Temperature Sensors

Kelvin degree

Kelvin degree

The Kelvin is the temperature unit of the International System. The Kelvin is one of the seven basic units of temperature. Its symbol in the international system of units is K. The Kelvin scale is a thermodynamic (absolute) temperature scale where the absolute zero, the theoretical absence of energy, is zero (0 K). This unit is named after the British physicist, mathematician and engineer William Thomson (1824 - 1907), who was later named Lord Kelvin. Lord Kelvin wrote about the need for a "thermodynamic temperature scale".

To express the temperature difference or the interval, the use of kelvins instead of degrees centigrade helps to avoid situations in which these quantities are confused with the centigrade temperature. The Kelvin is the unit of temperature suitable for use in derived units, such as W / (m · K) or to have a prefix, such as milli in mK.

Units of measurement of the Kelvin scale

Unlike degrees Fahrenheit and Celsius degrees, kelvin is not a "degree", nor should it be written with the degree symbol. The correct name of the unit is Kelvin (started with lowercase). Sometimes you can see written as Kelvin degree, or with the symbol ° K by analogy with the degree Celsius, but it is not correct. Their units are kelvins and they express with a single K.

The Kelvin was defined in 1954 as Kelvin grade in the 10th General Conference of Weights and Measures. By decision taken in 1967 at the 13th CGPM the name becomes the current Kelvin.

Definition of kelvin

The kelvin is defined based on 2 factors,

  • Zero Kelvin correspond to the absolute zero, which is the minimum temperature that can be achieved, and corresponds to the lack of movement at the molecular level. This temperature equals -273.15 degrees Celsius, and at -459.67 degrees Fahrenheit
  • A kelvin is exactly 1 / 273.16 of the thermodynamic temperature of the triple point of water. A difference of one kelvin is equivalent to one degree Celsius, currently, the Celsius scale is defined from the kelvin and the Celsius degree is a unit derived from the international system of units.
  • In 2007, the 23rd CGPM adopted a resolution in which it clarified that the water to which the Kelvin definition refers must have a specific isotropic composition.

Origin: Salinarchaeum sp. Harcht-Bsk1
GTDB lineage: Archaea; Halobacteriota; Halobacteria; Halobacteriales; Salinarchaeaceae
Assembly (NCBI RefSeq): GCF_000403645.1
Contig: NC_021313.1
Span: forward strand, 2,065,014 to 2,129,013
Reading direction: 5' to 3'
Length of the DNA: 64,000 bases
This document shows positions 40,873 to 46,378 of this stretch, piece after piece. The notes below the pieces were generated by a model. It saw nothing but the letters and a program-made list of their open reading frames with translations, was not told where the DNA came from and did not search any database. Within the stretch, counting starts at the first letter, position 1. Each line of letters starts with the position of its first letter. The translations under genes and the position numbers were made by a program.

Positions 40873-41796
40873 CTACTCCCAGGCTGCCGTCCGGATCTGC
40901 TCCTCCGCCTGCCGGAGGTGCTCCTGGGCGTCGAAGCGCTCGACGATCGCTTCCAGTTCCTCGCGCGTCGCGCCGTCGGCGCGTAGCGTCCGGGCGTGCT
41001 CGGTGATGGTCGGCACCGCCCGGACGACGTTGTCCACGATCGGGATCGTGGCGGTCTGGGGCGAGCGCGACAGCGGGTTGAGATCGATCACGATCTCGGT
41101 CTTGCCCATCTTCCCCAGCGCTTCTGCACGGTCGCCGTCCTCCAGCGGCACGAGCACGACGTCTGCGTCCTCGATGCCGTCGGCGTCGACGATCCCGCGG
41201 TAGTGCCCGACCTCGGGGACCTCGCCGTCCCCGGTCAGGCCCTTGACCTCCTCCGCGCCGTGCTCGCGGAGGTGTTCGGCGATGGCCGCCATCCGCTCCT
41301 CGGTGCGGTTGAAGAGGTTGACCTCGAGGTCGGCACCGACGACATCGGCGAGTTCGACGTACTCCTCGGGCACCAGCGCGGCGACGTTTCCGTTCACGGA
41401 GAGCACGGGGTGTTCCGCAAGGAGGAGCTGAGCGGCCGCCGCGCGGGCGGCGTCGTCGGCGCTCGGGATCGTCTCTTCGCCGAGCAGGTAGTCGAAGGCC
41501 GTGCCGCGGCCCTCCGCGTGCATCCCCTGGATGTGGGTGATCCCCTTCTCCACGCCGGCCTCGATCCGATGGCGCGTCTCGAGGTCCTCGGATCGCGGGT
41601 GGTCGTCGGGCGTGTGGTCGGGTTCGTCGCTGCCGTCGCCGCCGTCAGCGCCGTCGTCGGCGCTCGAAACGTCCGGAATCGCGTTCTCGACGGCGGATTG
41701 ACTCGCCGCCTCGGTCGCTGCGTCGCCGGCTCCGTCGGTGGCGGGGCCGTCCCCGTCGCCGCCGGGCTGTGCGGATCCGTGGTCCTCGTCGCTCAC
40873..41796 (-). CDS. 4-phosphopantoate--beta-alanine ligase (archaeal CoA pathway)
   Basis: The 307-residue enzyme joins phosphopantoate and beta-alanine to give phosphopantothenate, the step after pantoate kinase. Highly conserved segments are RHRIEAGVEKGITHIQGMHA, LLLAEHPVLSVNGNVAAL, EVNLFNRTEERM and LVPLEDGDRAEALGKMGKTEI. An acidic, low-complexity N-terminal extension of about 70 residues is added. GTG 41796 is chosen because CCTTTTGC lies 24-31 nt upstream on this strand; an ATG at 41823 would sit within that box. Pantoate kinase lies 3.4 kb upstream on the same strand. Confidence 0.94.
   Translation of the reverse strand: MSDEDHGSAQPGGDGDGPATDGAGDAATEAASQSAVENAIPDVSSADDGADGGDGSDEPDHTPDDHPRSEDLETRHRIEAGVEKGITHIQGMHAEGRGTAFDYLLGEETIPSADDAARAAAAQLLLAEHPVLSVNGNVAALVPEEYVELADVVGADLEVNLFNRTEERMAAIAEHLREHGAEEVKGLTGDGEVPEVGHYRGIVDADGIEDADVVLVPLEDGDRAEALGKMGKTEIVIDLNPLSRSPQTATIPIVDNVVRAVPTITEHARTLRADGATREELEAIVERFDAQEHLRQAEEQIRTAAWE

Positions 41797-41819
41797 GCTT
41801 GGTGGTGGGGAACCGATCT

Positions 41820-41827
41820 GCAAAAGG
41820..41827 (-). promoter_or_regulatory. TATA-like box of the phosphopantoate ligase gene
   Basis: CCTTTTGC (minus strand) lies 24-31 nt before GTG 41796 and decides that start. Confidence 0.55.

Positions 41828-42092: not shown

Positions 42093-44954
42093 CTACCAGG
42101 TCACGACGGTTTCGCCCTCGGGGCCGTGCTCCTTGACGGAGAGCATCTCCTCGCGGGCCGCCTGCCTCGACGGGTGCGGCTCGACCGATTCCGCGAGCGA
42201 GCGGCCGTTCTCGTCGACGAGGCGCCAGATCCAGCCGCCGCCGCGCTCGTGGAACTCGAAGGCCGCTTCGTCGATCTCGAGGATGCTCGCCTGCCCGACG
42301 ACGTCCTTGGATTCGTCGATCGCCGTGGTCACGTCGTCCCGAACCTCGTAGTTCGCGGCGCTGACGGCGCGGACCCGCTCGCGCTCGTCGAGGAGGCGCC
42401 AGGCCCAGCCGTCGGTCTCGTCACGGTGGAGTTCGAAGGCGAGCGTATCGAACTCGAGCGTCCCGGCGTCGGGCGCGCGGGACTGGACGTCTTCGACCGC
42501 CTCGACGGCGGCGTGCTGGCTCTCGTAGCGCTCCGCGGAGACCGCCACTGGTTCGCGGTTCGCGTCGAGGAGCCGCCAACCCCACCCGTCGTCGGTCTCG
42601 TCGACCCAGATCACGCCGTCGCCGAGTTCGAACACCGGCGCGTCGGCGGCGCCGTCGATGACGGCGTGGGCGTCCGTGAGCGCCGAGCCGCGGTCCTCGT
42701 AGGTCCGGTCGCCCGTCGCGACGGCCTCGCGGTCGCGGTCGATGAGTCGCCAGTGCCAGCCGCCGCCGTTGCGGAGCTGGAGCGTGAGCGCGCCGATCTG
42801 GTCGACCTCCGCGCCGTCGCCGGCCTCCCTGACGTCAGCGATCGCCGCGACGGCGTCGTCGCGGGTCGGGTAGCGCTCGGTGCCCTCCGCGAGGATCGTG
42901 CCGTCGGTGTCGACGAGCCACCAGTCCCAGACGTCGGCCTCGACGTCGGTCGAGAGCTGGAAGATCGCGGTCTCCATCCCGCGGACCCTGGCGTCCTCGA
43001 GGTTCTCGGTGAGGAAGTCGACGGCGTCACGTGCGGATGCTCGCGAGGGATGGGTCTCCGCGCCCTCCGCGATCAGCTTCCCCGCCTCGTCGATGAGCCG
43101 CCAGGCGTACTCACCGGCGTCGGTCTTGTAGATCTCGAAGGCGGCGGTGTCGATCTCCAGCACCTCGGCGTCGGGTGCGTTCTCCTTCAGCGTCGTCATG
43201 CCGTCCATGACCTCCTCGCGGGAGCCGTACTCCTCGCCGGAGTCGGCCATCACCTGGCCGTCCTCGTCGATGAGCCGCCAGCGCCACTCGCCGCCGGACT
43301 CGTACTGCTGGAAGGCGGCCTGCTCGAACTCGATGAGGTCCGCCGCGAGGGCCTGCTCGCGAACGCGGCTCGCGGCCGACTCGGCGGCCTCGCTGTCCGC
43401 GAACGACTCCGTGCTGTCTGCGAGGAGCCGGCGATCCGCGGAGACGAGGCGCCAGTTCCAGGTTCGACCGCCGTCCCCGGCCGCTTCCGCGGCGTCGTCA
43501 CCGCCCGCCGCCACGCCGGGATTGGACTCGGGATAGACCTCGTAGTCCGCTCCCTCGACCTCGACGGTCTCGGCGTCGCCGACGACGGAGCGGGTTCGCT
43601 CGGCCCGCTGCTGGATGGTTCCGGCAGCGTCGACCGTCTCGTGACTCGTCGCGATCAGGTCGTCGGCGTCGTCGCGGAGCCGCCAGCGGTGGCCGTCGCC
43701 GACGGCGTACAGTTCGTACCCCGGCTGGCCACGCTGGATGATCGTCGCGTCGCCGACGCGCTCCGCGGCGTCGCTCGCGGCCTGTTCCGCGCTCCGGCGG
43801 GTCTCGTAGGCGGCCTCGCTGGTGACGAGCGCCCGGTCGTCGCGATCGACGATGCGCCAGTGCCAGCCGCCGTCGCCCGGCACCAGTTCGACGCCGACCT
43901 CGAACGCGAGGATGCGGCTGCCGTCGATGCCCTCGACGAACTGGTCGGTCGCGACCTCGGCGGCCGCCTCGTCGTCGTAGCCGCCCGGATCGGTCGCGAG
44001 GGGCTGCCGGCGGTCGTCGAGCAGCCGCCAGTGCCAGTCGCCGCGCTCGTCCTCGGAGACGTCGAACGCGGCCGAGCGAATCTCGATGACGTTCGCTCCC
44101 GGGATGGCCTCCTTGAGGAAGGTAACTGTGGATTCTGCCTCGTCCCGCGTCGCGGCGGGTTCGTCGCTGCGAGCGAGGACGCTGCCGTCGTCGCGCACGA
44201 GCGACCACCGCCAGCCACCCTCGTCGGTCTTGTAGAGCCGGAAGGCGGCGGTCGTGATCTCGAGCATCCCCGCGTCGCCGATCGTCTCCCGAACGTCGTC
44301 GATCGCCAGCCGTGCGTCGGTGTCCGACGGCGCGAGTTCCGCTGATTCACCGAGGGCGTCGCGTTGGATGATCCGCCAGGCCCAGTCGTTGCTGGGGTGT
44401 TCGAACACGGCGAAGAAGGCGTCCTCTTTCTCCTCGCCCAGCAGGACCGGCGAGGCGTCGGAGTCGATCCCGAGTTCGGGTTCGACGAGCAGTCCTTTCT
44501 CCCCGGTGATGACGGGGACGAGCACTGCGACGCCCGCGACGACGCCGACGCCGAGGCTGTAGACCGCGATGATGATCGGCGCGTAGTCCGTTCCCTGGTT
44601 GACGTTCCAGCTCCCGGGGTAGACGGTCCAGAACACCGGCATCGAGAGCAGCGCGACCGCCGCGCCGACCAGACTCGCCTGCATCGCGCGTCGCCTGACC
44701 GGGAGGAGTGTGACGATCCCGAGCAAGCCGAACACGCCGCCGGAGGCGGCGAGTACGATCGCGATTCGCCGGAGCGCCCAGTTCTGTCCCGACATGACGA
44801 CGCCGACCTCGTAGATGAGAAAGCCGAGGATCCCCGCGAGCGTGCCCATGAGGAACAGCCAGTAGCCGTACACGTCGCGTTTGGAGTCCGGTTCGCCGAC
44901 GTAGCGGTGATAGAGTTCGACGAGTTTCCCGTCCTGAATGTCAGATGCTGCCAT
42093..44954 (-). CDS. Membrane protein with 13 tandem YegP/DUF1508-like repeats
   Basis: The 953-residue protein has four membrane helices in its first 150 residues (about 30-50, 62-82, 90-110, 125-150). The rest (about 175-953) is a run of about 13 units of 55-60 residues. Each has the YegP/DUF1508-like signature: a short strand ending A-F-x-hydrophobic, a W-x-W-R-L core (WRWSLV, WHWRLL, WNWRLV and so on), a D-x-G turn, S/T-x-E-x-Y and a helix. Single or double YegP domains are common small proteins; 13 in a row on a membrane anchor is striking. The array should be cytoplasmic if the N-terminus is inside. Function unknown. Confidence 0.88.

Practical uses of the kelvin

    The Kelvin degree is used in many aspects of physics. However, we present two applications in which the kelvin has a special importance.

    Color temperature

    Kelvin is often used to measure the color temperature of light sources. The color temperature is based on the principle that a black body radiator emits light whose color depends on the temperature of the radiator. Black bodies with temperatures below about 4000 K seem reddish, while those above about 7500 K appear bluish.

    Color temperature is important in the image projection and photography fields, where a color temperature of approximately 5600 K is required to match the "daylight" film emulsions. In astronomy, the stellar classification of stars and their place in the Hertzsprung-Russell diagram are based, in part, on their surface temperature, known as effective temperature. The photosphere of the Sun, for example, has an effective temperature of 5778 K.

    Digital cameras and photographic software often use the color temperature in K in the editing and configuration menus. The simple guide is that the higher the color temperature, the whiter or blue the image will be. The reduction in color temperature will give an image more dominated by reddish, "warmer" colors.

    Kelvin as a measure of noise

    In electronics, the kelvin is used as an indicator of how noisy a circuit is in relation to the final noise floor, that is, the noise temperature. The so-called Johnson-Nyquist noise of discrete resistors and capacitors is a type of thermal noise derived from the Boltzmann constant and can be used to determine the noise temperature of a circuit that uses Friis formulas for noise.

    History of the Kelvin scale

    The Kelvin scale and its unit have had different development milestones throughout history:

    1848: William Thomson, first Baron of Kelvin wrote in his diary On the absolute thermometric scale, of the necessity of a scale where "the infinite cold" (absolute zero) was the null point of the ladder, and that he used the degree Celsius for its increase in unity. This absolute scale is known today as the Kelvin thermodynamic temperature scale. It is notable that Thomson's value of -273.15 actually obtained 0.00366, which was the accepted coefficient of expansion of the gas per degree Celsius relative to the freezing point. The inverse of -0.00366 expressed with five significant digits is -273.22 ° C which is extraordinarily at the edge of the true value of -273.15 ° C.

    1954: Resolution 3 of the 10th CGPM gave the Kelvin scale its modern definition, designating the triple point of water as its second point that defines and assigns its temperature to exactly 273.16 degrees Kelvin.

    1967/1968: Resolution 3 of the 13th CGPM renamed the increase in the thermodynamic temperature as kelvin, symbol K, which replaced absolute degree, symbol K. Moreover, it is useful to define more explicitly the magnitude of the increase, the 13th CGPM also affirms at resolution 4 that The kelvin, unit of thermodynamic temperature, is equal to the fraction 1 / 273,16 of the thermodynamic temperature of the triple point of water.

    2005: The International Committee of Weights and Measures (CIPM), a CGPM committee, stated that for the purposes of delineating the temperature of the triple point of water, the definition of the thermodynamic temperature scale Kelvin would refer to water with a Isotope composition specified in the Vienna Standard Mean Ocean Water (VSMOW).

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    Last review: August 28, 2017